- Davey HM, Hexley P (2011) Red but not dead? Membranes of stressed Saccharomyces cerevisiae are permeable to propidium iodide. 13:163–171. https://doi.org/10.1111/j.1462-2920.2010.02317.x
- Deaker R, Hartley E, Gemell G (2012) Conditions affecting shelf-life of inoculated legume seed. Agric J 2(1):38–51Google Scholar
- Glenn R, Poole PS, Hudman JF (1980) SHORT COMMUNICATION Succinate Uptake by Free-living and Bacteroid Forms of Rhizobium leguminosarum. J Gen Microbiol 119:267–271Google Scholar
- Kedzierska S, Matuszewska E (2001) The effect of co-overproduction of DnaK/DnaJ/GrpE and ClpB proteins on the removal of heat-aggregated proteins from Escherichia coli ΔclpB mutant cells—new insight into the role of Hsp70 in a functional cooperation with Hsp100. FEMS Microbiol Lett 204(2):355–360PubMedGoogle Scholar
- Lesueur D, Deaker R, Herrmann L, Bräu L, Jansa J (2016) The production and potential of biofertilizers to improve crop yields. In: Arora NK, Mehnaz S, Balestrini R (eds) Bioformulations: for sustainable agriculture. Springer, New Delhi, pp 71–92Google Scholar
- O’Brien KM, Dirmeier R, Engle M, Poyton RO (2004) Mitochondrial protein oxidation in yeast mutants lacking manganese-(MnSOD) or copper-and zinc-containing superoxide dismutase (CuZnSOD): evidence that MnSOD AND CuZnSOD have both unique and overlapping functions in protecting mitochondrial proteins from oxidative damage. J Biol Chem 279(50):51817–51827CrossRefPubMedGoogle Scholar
- Russo DM, Williams A, Edwards A, Posadas DM, Finnie C, Dankert M, Downie JA, Zorreguieta A (2006) Proteins exported via the PrsD-PrsE type I secretion system and the acidic exopolysaccharide are involved in biofilm formation by Rhizobium leguminosarum. J Bacteriol 188(12):4474–4486CrossRefPubMedPubMedCentralGoogle Scholar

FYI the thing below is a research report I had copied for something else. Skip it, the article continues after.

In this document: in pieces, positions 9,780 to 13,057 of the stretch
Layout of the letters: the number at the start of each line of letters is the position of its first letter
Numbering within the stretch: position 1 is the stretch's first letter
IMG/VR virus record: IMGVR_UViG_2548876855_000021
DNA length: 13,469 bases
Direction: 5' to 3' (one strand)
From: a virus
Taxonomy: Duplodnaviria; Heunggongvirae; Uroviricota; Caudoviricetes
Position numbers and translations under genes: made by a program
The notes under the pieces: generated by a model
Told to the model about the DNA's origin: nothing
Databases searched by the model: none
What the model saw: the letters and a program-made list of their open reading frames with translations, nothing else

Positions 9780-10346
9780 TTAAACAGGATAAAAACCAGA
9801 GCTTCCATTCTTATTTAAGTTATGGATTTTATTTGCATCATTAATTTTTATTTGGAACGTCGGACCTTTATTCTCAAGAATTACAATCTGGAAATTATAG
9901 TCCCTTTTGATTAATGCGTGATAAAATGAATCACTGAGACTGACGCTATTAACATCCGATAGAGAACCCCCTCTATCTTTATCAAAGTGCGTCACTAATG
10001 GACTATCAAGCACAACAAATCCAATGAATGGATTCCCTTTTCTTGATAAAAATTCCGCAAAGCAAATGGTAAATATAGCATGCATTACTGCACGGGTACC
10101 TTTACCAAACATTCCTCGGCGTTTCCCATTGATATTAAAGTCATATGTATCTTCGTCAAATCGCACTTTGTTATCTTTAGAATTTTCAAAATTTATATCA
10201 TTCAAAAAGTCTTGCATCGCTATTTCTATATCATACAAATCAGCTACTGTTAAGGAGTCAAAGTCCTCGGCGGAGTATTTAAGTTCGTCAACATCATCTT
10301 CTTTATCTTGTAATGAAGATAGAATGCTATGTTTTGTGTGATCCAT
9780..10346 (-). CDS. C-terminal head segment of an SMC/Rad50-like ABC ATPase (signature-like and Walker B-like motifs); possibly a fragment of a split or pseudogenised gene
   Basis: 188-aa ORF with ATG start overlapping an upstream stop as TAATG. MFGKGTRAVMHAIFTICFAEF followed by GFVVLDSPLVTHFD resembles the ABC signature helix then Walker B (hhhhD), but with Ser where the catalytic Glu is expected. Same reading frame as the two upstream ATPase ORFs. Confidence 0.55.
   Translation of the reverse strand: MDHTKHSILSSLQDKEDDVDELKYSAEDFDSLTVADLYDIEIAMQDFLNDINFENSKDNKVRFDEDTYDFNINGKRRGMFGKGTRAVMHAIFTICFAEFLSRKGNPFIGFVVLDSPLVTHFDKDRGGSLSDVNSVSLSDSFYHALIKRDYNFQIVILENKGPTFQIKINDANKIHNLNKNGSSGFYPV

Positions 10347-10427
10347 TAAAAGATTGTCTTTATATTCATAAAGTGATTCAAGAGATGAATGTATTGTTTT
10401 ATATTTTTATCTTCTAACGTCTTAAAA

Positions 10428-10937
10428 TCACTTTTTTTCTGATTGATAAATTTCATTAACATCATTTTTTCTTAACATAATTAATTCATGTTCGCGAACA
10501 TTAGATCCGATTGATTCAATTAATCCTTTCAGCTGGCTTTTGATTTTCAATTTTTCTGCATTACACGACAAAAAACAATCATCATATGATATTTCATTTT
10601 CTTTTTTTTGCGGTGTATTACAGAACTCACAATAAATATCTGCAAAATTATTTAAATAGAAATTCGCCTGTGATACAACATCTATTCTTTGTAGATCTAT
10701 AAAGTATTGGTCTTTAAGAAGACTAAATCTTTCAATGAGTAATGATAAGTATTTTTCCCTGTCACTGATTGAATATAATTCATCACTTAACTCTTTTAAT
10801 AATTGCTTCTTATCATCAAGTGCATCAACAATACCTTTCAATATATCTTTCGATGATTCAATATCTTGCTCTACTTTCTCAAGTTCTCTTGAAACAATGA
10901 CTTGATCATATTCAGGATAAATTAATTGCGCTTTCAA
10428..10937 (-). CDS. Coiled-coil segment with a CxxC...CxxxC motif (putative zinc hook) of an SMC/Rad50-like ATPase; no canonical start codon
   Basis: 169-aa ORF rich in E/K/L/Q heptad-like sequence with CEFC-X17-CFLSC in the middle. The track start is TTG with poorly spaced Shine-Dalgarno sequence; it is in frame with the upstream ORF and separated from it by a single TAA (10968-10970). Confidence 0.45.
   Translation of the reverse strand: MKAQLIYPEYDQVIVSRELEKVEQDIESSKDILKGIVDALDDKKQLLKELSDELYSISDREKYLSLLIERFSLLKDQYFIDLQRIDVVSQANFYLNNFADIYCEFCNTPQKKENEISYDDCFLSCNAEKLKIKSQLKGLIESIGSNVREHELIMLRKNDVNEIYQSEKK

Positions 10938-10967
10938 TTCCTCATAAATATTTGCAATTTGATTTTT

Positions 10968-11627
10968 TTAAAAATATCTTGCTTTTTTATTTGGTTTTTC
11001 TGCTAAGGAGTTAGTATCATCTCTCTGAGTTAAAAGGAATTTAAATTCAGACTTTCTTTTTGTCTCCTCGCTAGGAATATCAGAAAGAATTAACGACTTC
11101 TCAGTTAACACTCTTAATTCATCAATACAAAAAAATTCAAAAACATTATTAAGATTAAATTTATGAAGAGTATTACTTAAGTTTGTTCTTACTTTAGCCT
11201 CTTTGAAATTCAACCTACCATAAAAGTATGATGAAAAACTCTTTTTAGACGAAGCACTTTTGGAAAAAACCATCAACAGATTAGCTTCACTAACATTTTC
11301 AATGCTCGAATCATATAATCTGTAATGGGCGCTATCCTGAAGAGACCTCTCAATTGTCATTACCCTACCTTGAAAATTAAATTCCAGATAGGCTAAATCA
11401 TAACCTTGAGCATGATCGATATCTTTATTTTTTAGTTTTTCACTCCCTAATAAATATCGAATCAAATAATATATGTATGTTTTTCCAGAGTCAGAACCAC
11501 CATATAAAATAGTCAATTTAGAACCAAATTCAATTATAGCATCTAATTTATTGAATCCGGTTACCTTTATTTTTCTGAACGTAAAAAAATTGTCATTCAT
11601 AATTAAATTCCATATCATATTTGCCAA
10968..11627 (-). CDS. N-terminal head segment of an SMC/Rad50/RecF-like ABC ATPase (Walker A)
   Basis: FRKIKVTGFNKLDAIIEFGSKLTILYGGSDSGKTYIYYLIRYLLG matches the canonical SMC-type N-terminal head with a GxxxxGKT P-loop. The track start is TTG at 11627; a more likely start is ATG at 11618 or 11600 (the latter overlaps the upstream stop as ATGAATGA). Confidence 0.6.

- Sambrook J, Fritsch E, Maniatis T (1989) Molecular cloning: a laboratory manual, 2nd edn. Cold Spring Harbor Press, New YorkGoogle Scholar
- Simonin H, Beney L, Gervais P (2007) Sequence of occurring damages in yeast plasma membrane during dehydration and rehydration : Mechanisms of cell death. i:1600–1610. https://doi.org/10.1016/j.bbamem.2007.03.017
- Siqueira AF, Ormeño-Orrillo E, Souza RC, Rodrigues EP, Almeida LGP, Barcellos FG, Batista JSS, Nakatani AS, Martínez-Romero E, Vasconcelos ATR, Hungria M (2014) Comparative genomics of Bradyrhizobium japonicum CPAC 15 and Bradyrhizobium diazoefficiens CPAC 7: elite model strains for understanding symbiotic performance with soybean. BMC Genomics 15(1):420CrossRefPubMedPubMedCentralGoogle Scholar
- Vanderlinde EM, Muszyński A, Harrison JJ, Koval SF, Foreman DL, Ceri H, Kannenberg EL, Carlson RW, Yost CK (2009) Rhizobium leguminosarum biovar viciae 3841, deficient in 27-hydroxyoctacosanoate-modified lipopolysaccharide, is impaired indesiccation tolerance, biofilm formation and motility. Microbiology 155:3055–3069. https://doi.org/10.1099/mic.0.025031-0 CrossRefPubMedPubMedCentralGoogle Scholar
- Vanderlinde EM, Magnus SA, Tambalo DD, Koval SF, Yost CK (2011) Mutation of a broadly conserved operon (RL3499-RL3502) from Rhizobium leguminosarum biovar viciae causes defects in cell morphology and envelope integrity. J Bacteriol 193:2684–2694. https://doi.org/10.1128/JB.01456-10 CrossRefPubMedPubMedCentralGoogle Scholar
- Vizcaino JA, Cote RG, Csordas A, Dianes JA, Fabregat A, Foster JM, Griss J, Alpi E, Birim M, Contell J, O’Kelly G, Schoenegger A, Ovelleiro D, Perez-Riverol Y, Reisinger F, Rios D, Wang R, Hermjakob H (2013) The Proteomics Identifications (PRIDE) database and associated tools: status in 2013. Nucleic Acids Res 41(D1):D1063–D1069. https://doi.org/10.1093/nar/gks1262 CrossRefPubMedGoogle Scholar